Pentanuclear iron catalysts for water oxidation: substituents provide two routes to control onset potentials†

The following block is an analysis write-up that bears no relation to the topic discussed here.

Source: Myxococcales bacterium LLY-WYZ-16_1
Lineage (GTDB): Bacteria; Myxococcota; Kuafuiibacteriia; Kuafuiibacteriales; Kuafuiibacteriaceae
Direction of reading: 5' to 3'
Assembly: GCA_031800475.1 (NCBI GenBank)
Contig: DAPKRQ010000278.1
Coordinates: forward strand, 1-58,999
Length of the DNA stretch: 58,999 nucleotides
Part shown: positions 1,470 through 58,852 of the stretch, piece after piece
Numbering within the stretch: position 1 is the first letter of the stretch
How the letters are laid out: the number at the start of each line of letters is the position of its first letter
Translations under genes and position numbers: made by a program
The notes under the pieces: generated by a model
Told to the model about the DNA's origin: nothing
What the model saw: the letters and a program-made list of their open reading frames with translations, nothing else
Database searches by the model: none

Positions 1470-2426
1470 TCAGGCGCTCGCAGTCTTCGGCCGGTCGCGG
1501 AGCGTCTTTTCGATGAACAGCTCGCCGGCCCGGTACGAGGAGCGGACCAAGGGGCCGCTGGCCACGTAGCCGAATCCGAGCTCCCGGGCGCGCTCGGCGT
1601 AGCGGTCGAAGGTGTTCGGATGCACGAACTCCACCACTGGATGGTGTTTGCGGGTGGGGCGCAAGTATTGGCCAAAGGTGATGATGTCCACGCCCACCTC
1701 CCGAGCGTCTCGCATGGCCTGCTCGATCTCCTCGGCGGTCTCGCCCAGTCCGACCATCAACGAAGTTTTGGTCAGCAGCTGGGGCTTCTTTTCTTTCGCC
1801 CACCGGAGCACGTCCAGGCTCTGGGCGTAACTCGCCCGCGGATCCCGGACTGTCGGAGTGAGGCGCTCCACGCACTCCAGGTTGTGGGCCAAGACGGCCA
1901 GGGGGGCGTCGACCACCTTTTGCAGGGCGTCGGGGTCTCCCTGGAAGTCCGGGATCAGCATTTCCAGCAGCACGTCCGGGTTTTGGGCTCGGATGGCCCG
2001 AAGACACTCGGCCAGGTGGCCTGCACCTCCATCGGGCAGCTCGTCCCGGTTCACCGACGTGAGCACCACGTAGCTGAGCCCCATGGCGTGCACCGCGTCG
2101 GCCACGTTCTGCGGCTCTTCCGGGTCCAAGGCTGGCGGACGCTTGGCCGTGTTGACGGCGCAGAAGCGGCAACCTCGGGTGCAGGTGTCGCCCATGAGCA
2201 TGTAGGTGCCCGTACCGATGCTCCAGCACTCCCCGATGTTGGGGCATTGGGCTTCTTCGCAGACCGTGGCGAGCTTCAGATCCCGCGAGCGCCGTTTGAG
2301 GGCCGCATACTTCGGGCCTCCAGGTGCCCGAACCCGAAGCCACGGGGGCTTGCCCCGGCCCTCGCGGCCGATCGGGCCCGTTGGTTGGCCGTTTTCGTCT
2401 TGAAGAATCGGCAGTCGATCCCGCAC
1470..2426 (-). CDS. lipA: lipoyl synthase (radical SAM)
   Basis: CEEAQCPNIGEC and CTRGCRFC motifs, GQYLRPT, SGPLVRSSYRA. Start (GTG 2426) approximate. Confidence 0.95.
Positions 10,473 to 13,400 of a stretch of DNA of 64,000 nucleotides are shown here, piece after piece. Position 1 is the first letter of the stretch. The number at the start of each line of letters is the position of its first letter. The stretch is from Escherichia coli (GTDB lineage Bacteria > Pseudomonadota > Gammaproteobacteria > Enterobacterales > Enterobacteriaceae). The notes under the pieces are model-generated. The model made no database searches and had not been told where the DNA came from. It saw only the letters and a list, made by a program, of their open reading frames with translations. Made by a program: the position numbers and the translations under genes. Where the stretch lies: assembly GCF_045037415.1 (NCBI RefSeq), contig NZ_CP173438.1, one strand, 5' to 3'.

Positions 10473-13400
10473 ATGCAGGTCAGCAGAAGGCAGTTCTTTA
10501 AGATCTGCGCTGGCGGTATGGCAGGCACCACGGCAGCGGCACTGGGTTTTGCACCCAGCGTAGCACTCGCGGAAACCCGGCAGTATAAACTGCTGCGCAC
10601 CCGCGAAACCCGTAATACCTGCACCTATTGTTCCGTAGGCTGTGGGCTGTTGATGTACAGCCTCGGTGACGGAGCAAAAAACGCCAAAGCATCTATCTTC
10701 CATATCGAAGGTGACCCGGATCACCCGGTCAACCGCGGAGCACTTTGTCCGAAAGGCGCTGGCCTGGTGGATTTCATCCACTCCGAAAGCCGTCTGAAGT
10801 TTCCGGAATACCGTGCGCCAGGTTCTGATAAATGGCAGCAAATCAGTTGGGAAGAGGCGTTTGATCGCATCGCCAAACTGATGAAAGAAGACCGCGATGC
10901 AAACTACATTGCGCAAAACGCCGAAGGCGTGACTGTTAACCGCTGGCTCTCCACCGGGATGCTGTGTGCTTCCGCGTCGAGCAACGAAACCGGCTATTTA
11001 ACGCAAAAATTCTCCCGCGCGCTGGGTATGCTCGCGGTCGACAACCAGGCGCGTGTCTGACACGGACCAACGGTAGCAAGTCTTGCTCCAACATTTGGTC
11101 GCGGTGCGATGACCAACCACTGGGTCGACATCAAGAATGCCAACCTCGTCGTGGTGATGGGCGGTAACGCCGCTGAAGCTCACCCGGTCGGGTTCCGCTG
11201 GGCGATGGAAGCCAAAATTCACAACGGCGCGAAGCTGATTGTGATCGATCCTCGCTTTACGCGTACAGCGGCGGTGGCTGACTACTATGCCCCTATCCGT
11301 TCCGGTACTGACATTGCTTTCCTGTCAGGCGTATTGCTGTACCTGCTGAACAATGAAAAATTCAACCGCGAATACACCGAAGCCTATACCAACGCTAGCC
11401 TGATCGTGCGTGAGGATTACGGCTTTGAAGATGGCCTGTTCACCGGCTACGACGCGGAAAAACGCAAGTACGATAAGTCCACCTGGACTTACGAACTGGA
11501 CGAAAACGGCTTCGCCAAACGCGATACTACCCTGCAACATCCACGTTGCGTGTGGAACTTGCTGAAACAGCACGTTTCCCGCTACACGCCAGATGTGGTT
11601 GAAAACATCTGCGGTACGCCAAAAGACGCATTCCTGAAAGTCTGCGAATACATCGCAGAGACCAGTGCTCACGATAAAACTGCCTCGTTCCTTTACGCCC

The development of robust and efficient molecular catalysts based on earth-abundant transition metals for water oxidation reactions is a challenging research target. Our group recently demonstrated the high activity and stability of a pentairon-based water oxidation electrocatalyst (M. Okamura, M. Kondo, R. Kuga, Y. Kurashige, T. Yanai, S. Hayami, V. K. K. Praneeth, M. Yoshida, K. Yoneda, S. Kawata and S. Masaoka, Nature, 2016, 530, 465–468). However, the development of strategies to decrease onset potentials for catalysis remains challenging. In this article, we report the construction of a series of pentanuclear iron complexes by introducing electron-donating (methyl) and electron-withdrawing (bromo) substituents on the ligand. Two newly synthesized complexes exhibited five reversible redox processes, similar to what is seen with the parent complex. These complexes can also serve as homogeneous catalysts for water oxidation reactions, and the faradaic efficiencies of the reactions were high. Additionally, the onset potentials of the newly developed complexes were lower than that of the parent complex. Mechanistic insights revealed that there are two methods for decreasing onset potentials: control of the redox potentials of the pentairon complex and control of the reaction mechanism.